"Medelye-moegheid" : 'n pastorale benadering
Fourie, Johannes Hermanus Van Schalkwyk
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Pastors, counsellors and supporters often embark upon the field of trauma intervention because they have a passion for people in distress, with a burning desire to assist them. They become involved in people's emotional and physical pain, often without grasping the implications of their choice regarding themselves. These helpers, who listen to the emotional and physical pain of victims with great love and compassion, often absorb very shocking information. As time passes they have to deal with the effects of compassion fatigue (also referred to as secondary trauma or vicarious traumatisation — terms used almost as synonyms in this study), attributing their spiritual sagging to personal incompetence and failure. Fearing stigmatism, they keep these feelings and thoughts to themselves. The danger of this is that they start abusing therapeutic situations in an effort to relieve their own needs in this regard. From the basis-theoretical survey it appears that within the history of the church there are many examples of missionaries, clergymen, Christian physicians and gospel workers who sacrificed all they had to satisfy their calling to be of service - often with negative consequences regarding body, morale, spirit and emotions. The practical theological tradition recognises the necessity for pastoral workers to avail themselves to the pain and distress of others. Even the ministry with regard to calling within the Reformed tradition points to the fact that people with a calling, as it were, repeat the incarnation of Christ in a certain sense when they enter the distress and pain of others. The term, vicarious traumatisation, as synonym for compassion fatigue, thus also has something of a spiritual connotation. In opposition to the mentioned point of departure within the church history regarding the subject of calling, the exegesis of a Scripture such as 1 Kings 19 shows in a very surprising manner how God keeps company with his emotionally wounded servants. What is exceptionally touching in this Scriptural passage is the fact that God took care of His servant in all three aspects of body, spirit and emotion. The manner in which God goes about caring for him, eventually helps Elijah, the hero of Horeb, to understand that it is precisely his weakness and gentleness that makes him suitable to be in God's service. Through this whole process, Elijah's image of God and of the world is transformed to make him realise that Israel's salvation and healing is not dependant of him - on the contrary, he is merely a link within the Godly plan. In this respect the Christian trauma helper can interpret his/her personal recourse to that of Elijah. The meta-theoretical research showed that working in a trauma environment has an immense impact on workers' beliefs, their spiritual lives, their identity, their general view on life as well as their outlook on life. This has the potential to transform a person's inner experience in a negative way and in this respect it often leads to the disruption of the trauma counsellor's basic psychological needs. The fact that trauma counselling also has the potential to harm counsellors physically is apparent in the connection between different emotions such as empathy and the neurophysiology of the trauma counsellor. Further important contributory factors in this regard appear to be unresolved personal trauma, denial of personal needs as well as continuous exposure to the counselling of traumatised children. From this meta-theoretical research clear guidelines are formulated regarding the prevention of compassion fatigue with regard to individuals as well as organisations. The empirical survey makes it apparent that the potential for compassion fatigue is immense for Christian social workers, while the potential for compassion satisfaction is quite low - despite the fact that faith and calling are strong characteristics in this group. This confirms the necessity and need for pastoral guidelines with regard to this occupational group. Finally, within the practice-theoretical section of this study a hermeneutist model is brought under discussion for dealing with individuals as well as groups who are suffering from the affects of compassion fatigue. This model is particularly suitable for groups during a retreat. The model descends in five movements. Firstly the story of need is addressed, then the narrative with a story, followed by the story with a darkened future. The fourth movement is the reconstruction of the story of the past, and finally follows the reconstruction of a future story.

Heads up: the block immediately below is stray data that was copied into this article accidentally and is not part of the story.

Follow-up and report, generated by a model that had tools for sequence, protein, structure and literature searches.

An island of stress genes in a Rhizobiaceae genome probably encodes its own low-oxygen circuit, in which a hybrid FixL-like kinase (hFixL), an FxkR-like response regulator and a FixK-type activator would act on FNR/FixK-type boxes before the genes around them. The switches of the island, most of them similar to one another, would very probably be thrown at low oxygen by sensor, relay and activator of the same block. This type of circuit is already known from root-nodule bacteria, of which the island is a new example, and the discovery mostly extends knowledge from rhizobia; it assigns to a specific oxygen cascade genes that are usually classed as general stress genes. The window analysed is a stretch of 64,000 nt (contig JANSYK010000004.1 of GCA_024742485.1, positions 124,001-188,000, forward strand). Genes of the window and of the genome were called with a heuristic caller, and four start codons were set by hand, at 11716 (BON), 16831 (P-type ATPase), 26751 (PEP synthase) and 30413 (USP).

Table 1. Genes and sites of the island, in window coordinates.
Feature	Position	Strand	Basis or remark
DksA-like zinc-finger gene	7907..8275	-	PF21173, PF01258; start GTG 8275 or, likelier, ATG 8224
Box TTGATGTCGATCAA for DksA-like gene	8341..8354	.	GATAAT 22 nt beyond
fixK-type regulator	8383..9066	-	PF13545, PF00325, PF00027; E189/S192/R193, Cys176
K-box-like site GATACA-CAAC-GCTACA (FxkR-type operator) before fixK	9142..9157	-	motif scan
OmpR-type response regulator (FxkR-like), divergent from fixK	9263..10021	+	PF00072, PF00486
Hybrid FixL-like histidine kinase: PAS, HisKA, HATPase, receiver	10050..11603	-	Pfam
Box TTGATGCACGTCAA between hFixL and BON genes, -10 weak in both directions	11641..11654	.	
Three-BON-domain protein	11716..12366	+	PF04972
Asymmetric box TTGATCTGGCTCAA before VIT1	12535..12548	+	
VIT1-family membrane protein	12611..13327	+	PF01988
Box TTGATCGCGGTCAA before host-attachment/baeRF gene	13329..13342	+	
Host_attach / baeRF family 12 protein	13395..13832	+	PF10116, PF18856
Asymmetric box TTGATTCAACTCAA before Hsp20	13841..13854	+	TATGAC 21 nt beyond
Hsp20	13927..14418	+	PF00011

- ETD@PUK